Feeds

That square QR barcode on the poster? Check it's not a sticker

Crooks slap on duff codes leading to evil sites

The essential guide to IT transformation

Cybercrooks are putting up stickers featuring URLs embedded in Quick Response codes (QR codes) as a trick designed to drive traffic to dodgy sites.

QR codes are two-dimensional matrix barcode that can be scanned by smartphones that link users directly to a website without having to type in its address. By using QR codes (rather than links) as a jump-off point to dodgy sites, cybercrooks can disguise the ultimate destination of links.

Security watchers have already seen spam messages pointing to URLs that use embedded QR codes. Now crooks have gone one step further by printing out labels and leaving them in well trafficked locations.

Warren Sealey, director enterprise learning and knowledge management, Symantec Hosted Services explained: "we've seen criminals using bad QR codes in busy places putting them on stickers and putting them over genuine ones in airports and city centres."

Sealey, made his comments at the Ovum Banking Technology Forum 2012 in London on Wednesday.

Sian John, UK security strategist at Symantec, said: “There has been an explosion in the number of QR codes over the last couple of years, and cybercriminals are taking full advantage. Because QR codes just look like pictures it’s extremely difficult to tell if they’re genuine or malicious, making it easy to dupe passers-by into scanning codes that may lead to an infected site, or perhaps a phishing site.

"If users want to make sure that their mobile is protected they should consider a QR reader that can check a website’s reputation before visiting it,” she added. ®

Next gen security for virtualised datacentres

More from The Register

next story
Ice cream headache as black hat hacks sack Dairy Queen
I scream, you scream, we all scream 'DATA BREACH'!
Goog says patch⁵⁰ your Chrome
64-bit browser loads cat vids FIFTEEN PERCENT faster!
NIST to sysadmins: clean up your SSH mess
Too many keys, too badly managed
Scratched PC-dispatch patch patched, hatched in batch rematch
Windows security update fixed after triggering blue screens (and screams) of death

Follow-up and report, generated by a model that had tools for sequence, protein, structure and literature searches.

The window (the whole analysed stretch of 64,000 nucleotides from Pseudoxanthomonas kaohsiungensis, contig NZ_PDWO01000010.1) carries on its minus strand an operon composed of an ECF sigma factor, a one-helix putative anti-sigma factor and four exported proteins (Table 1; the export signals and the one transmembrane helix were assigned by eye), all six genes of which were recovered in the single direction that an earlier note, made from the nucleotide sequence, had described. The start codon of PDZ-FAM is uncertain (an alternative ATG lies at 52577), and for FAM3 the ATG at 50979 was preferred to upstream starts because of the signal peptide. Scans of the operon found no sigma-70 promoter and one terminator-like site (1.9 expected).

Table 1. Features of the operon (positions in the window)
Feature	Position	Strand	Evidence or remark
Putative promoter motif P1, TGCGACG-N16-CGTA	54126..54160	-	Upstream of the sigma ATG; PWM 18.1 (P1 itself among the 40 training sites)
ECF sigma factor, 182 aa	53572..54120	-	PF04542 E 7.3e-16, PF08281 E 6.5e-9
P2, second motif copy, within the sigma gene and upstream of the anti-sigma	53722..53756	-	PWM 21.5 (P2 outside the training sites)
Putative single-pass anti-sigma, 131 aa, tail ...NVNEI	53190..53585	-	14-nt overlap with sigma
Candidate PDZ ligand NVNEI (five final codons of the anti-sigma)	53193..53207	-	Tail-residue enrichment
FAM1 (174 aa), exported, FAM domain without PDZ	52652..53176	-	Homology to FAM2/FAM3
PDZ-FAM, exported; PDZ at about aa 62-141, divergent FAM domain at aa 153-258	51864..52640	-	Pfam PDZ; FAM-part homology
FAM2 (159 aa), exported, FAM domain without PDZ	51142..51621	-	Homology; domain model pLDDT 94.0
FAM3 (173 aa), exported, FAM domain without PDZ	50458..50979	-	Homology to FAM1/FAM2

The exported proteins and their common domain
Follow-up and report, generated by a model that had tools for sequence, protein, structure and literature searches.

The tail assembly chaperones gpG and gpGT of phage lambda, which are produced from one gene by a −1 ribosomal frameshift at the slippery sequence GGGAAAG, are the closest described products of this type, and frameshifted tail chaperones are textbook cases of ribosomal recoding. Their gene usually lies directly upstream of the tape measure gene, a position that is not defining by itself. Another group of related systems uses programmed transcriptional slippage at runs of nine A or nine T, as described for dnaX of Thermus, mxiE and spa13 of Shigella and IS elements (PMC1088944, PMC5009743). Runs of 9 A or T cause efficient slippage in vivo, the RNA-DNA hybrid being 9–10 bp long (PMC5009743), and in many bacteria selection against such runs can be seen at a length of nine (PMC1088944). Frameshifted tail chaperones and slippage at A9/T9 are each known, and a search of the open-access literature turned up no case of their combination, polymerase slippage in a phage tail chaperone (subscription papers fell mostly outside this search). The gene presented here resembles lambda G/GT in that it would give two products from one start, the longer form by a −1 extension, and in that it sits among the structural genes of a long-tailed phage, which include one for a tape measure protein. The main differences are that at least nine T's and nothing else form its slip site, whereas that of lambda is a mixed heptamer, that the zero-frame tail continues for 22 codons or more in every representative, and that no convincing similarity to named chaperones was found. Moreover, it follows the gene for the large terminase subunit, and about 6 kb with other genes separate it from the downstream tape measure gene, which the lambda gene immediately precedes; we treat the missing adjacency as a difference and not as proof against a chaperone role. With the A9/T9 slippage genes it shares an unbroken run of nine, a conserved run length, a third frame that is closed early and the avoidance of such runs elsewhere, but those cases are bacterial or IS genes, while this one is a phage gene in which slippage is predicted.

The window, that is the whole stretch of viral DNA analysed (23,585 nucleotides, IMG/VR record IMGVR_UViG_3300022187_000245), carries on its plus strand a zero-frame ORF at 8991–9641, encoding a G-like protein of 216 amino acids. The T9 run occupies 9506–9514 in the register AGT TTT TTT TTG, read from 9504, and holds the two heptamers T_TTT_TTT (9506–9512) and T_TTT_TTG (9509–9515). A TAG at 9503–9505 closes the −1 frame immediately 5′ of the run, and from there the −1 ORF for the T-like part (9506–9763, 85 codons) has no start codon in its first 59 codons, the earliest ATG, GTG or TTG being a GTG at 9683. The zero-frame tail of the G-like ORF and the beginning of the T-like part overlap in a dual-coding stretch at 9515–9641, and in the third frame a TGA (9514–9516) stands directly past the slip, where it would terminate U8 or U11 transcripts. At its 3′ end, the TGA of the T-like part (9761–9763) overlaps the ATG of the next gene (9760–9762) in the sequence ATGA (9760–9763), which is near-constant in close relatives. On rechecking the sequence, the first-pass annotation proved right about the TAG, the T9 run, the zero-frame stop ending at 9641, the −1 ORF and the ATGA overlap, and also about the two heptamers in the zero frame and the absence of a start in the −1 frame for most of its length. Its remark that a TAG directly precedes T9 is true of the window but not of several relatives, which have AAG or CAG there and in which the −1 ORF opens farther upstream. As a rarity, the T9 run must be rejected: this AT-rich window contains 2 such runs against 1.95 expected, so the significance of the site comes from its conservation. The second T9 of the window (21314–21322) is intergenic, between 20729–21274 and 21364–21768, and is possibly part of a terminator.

Researchers camouflage haxxor traps with fake application traffic
Honeypots sweetened to resemble actual workloads, complete with 'secure' logins
Attack flogged through shiny-clicky social media buttons
66,000 users popped by malicious Flash fudging add-on
New Snowden leak: How NSA shared 850-billion-plus metadata records
'Federated search' spaffed info all over Five Eyes chums
Three quarters of South Korea popped in online gaming raids
Records used to plunder game items, sold off to low lifes
Oz fed police in PDF redaction SNAFU
Give us your metadata, we'll publish your data
prev story

Whitepapers

5 things you didn’t know about cloud backup
IT departments are embracing cloud backup, but there’s a lot you need to know before choosing a service provider. Learn all the critical things you need to know.
Implementing global e-invoicing with guaranteed legal certainty
Explaining the role local tax compliance plays in successful supply chain management and e-business and how leading global brands are addressing this.
Backing up Big Data
Solving backup challenges and “protect everything from everywhere,” as we move into the era of big data management and the adoption of BYOD.
Consolidation: The Foundation for IT Business Transformation
In this whitepaper learn how effective consolidation of IT and business resources can enable multiple, meaningful business benefits.
High Performance for All
While HPC is not new, it has traditionally been seen as a specialist area – is it now geared up to meet more mainstream requirements?